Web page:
Interesting facts about polar bears

Polar bear

Polar bears live in the Arctic.

Polar bears typically live between 15 to 18 years in the wild. But in captivity, they can twice as long; normally until their mid to late thirties.

Scientists today use a working estimate of around 20,000 to 25,000 polar bears still exist today worldwide.

Male polar bears weigh about 350 to more than 650 kg (772-1,433 lb.) and are about 2.5 to 3 m
(8.2-9.8 ft.) long.

Female polar bears weigh about 150 to 250 kg (331-551 lb.) and are about 1.8 to 2.5 m (6.0-8.2 ft.) long. Pregnant females can weigh as much as 500 kg (1,102 lb.).

Polar bears have 42 teeth.

Polar Bears have a excellent sense of smell. They can detect seals which are there main source of
food from 1 km (0.6 mi.) away and 1 m (3 ft.) under the snow.

Polar bears are excellent swimmers. Polar bears can comfortably swim at a speed of 10 kilometer (6
miles) per hour. They can swim for up to 160 kilometer (100 miles).

polar bear swimming

Polar bears can reach speeds up to 40 kilometer (25 miles) per hour on land.

Although polar bears appear white to the eye, their fur is actually transparent. It only appears
white, because it reflects visible light.Under their fur, polar bear skin is actually black.

Most adult females give birth once every 3 years.

The total gestation period is about eight months.

Polar bear cubs are born November through January in a den. Mother and cubs emerge from their den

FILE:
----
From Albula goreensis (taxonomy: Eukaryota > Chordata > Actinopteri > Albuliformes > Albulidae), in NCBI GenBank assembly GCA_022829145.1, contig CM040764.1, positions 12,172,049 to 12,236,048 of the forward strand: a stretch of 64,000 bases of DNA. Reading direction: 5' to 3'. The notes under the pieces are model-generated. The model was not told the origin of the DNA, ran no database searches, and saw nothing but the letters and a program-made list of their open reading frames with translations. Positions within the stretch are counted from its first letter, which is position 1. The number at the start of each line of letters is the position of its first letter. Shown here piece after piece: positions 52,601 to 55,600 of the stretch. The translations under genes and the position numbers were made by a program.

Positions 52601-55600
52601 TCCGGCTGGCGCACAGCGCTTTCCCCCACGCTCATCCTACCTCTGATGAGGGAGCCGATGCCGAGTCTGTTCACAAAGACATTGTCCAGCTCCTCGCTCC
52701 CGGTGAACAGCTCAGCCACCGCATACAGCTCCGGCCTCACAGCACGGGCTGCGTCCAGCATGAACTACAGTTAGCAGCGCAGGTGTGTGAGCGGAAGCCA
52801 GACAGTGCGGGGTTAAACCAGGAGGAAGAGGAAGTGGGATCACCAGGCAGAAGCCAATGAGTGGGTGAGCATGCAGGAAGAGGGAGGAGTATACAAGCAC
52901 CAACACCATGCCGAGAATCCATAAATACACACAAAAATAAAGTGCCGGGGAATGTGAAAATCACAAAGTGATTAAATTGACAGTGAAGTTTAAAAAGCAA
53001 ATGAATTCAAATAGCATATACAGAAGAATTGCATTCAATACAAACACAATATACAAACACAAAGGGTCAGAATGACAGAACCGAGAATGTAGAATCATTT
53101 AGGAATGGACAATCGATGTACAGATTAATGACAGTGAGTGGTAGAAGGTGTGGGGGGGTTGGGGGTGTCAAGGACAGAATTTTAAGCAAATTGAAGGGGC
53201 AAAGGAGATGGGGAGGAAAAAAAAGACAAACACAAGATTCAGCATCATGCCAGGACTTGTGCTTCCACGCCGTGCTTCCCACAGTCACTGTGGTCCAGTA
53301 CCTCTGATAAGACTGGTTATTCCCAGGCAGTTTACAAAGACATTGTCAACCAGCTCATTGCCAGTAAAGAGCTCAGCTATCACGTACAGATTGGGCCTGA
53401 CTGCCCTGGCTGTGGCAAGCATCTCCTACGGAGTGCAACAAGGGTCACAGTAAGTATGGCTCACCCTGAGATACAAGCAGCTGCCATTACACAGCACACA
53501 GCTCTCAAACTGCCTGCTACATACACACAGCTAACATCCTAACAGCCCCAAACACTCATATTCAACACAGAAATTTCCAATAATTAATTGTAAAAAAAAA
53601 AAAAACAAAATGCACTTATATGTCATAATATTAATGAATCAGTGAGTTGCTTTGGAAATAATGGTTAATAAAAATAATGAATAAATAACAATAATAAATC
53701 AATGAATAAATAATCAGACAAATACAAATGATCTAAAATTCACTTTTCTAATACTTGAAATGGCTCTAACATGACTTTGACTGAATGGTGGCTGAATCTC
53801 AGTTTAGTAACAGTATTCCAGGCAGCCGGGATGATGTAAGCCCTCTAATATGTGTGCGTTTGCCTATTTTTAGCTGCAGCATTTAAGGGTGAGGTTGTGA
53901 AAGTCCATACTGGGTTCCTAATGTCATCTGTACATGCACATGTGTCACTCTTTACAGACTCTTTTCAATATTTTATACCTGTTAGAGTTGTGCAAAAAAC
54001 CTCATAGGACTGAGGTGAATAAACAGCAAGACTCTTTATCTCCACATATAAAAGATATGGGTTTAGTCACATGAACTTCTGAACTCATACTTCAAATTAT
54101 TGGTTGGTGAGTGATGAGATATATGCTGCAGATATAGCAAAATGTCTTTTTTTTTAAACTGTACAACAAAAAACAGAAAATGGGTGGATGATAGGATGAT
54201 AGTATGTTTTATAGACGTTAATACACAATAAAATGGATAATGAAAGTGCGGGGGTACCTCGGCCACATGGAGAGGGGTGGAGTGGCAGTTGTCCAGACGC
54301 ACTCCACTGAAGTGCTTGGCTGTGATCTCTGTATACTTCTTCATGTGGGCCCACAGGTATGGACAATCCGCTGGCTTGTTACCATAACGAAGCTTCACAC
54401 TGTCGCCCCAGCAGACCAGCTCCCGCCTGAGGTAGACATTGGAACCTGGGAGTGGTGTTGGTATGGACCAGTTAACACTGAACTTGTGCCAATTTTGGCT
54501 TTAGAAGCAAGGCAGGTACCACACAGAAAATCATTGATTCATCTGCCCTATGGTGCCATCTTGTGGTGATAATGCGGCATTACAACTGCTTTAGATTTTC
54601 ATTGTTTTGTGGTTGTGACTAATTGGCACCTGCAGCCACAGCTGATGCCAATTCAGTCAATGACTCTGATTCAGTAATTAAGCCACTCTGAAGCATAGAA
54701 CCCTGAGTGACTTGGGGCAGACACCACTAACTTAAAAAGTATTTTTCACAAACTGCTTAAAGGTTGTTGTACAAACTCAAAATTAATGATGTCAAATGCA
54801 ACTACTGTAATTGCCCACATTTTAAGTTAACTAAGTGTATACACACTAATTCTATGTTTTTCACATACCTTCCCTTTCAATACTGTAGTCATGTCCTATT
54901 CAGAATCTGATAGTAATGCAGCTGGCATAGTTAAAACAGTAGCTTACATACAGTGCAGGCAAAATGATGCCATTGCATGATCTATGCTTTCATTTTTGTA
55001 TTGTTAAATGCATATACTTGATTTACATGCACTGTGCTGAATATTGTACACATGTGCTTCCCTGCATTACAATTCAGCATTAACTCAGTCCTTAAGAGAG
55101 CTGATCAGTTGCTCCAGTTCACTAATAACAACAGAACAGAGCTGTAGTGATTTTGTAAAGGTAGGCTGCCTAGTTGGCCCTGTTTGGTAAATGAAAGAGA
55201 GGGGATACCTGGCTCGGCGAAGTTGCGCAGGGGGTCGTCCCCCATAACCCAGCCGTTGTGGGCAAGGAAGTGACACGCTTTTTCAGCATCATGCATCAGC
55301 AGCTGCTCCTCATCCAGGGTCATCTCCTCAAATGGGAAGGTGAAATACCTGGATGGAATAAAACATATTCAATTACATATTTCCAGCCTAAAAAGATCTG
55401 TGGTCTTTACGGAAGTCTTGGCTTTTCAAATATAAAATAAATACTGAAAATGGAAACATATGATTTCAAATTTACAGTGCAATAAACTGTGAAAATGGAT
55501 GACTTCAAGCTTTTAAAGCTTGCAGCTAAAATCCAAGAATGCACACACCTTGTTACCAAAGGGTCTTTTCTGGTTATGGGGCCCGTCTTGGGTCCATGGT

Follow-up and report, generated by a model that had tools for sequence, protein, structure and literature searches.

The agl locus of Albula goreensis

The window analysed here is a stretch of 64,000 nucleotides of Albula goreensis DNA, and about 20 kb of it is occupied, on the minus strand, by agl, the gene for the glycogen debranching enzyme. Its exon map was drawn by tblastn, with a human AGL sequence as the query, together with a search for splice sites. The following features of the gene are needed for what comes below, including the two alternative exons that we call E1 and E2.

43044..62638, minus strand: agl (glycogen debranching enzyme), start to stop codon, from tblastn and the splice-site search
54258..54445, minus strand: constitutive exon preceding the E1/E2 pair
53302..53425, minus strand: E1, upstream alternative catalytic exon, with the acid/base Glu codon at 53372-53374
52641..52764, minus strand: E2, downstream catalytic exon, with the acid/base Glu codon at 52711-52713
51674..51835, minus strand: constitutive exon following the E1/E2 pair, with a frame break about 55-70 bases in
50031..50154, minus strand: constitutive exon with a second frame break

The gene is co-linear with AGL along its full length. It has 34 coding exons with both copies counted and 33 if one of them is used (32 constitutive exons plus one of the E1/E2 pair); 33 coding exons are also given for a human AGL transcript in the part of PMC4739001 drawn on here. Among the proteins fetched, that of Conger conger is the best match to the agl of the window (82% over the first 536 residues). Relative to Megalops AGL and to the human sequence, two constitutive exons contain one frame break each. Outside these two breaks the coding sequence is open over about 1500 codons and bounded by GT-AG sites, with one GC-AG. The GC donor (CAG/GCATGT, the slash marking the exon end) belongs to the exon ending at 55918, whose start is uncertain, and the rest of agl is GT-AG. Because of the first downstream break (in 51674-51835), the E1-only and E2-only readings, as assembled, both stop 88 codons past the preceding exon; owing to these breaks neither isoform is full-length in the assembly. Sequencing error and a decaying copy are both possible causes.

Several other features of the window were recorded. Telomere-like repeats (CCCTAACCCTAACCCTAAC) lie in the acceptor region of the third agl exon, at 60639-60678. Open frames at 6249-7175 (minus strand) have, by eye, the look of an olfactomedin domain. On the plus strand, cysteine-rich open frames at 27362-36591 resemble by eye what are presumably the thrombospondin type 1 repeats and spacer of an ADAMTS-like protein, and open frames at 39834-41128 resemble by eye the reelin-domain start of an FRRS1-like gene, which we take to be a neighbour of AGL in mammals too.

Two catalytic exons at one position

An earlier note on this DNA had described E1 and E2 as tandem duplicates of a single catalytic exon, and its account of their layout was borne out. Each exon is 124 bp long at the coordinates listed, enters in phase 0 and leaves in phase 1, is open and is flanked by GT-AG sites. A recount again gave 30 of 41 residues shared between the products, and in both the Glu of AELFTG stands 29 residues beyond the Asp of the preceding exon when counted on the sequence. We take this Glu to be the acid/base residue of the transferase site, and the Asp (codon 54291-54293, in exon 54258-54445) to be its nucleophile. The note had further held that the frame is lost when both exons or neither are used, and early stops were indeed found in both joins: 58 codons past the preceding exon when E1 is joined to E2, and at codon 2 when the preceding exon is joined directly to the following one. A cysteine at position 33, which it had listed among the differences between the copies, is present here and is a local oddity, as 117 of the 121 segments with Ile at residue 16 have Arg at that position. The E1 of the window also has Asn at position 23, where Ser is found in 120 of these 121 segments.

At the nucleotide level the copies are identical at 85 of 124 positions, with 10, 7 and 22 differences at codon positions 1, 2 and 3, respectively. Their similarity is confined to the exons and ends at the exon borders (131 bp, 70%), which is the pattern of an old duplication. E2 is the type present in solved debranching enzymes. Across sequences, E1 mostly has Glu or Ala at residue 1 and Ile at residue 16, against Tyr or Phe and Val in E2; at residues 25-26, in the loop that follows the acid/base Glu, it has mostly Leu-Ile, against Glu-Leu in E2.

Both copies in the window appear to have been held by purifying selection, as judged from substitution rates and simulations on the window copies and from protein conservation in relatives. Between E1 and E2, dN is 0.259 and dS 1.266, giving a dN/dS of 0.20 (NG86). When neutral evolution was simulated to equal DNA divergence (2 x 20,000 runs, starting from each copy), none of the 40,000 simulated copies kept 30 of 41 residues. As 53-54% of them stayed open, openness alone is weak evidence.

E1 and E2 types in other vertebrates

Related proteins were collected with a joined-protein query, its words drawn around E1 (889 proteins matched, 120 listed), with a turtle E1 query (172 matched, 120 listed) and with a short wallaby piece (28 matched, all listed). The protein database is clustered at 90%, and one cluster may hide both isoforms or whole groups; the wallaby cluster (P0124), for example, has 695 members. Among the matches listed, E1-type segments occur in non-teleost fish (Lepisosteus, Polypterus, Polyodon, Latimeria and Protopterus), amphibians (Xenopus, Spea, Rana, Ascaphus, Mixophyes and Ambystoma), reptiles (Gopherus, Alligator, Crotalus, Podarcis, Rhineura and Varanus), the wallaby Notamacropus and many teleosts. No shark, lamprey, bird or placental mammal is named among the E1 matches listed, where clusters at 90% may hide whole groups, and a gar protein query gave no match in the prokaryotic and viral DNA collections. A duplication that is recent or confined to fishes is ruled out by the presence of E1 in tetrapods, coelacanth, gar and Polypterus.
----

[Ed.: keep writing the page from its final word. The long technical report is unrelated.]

in late March or April.

polar bear cub in a den

Female polar bears would rather build their dens in “old snow” from previous years rather than the freshly fallen snow.

Polar bear cubs learn to freeze and remain still while their mother hunts. If they move, the mother disciples them, with a whack to the head.

Female poplar bears typically nurse their cubs for two and a half years.

polar bear with cubs

Ringed seals are the highest calorie source available to polar bears.

If a polar bear doesn’t eat for seven to ten days, it can slow its metabolism until it finds its
next meal.

They like to keep themselves clean. After feeding polar bears usually wash by taking a swim or
rolling in the snow.

Polar bears keep from slipping on ice with the help of small bumps on their feet called papillae.

polar bear papillae

The world’s oldest zoo polar bear to have lived was called Debby. She lived at Assiniboine Park
Zoo in Winnipeg, Canada. She reached age 42, but was euthanized in November 2008 after it was discovered she was suffering organ failure.

They are known to have more problems with overheating than staying warm.

The polar bear was the mascot for the 1998 Winter Olympics in Calgary, Canada.

The biggest threat to polar bears today is not hunting but the effects of global warming and pollution.

All polar bears alive today can trace their ancestry back to one female brown bear who lived in Ireland 50,000 years ago.

Residents of Churchill, Canada, leave their carsunlocked to offer an escapefor pedestrians who might encounter Polar Bears.

If you eat a polar bear liver, you’ll die. Humans can’t handle that much vitamin A.

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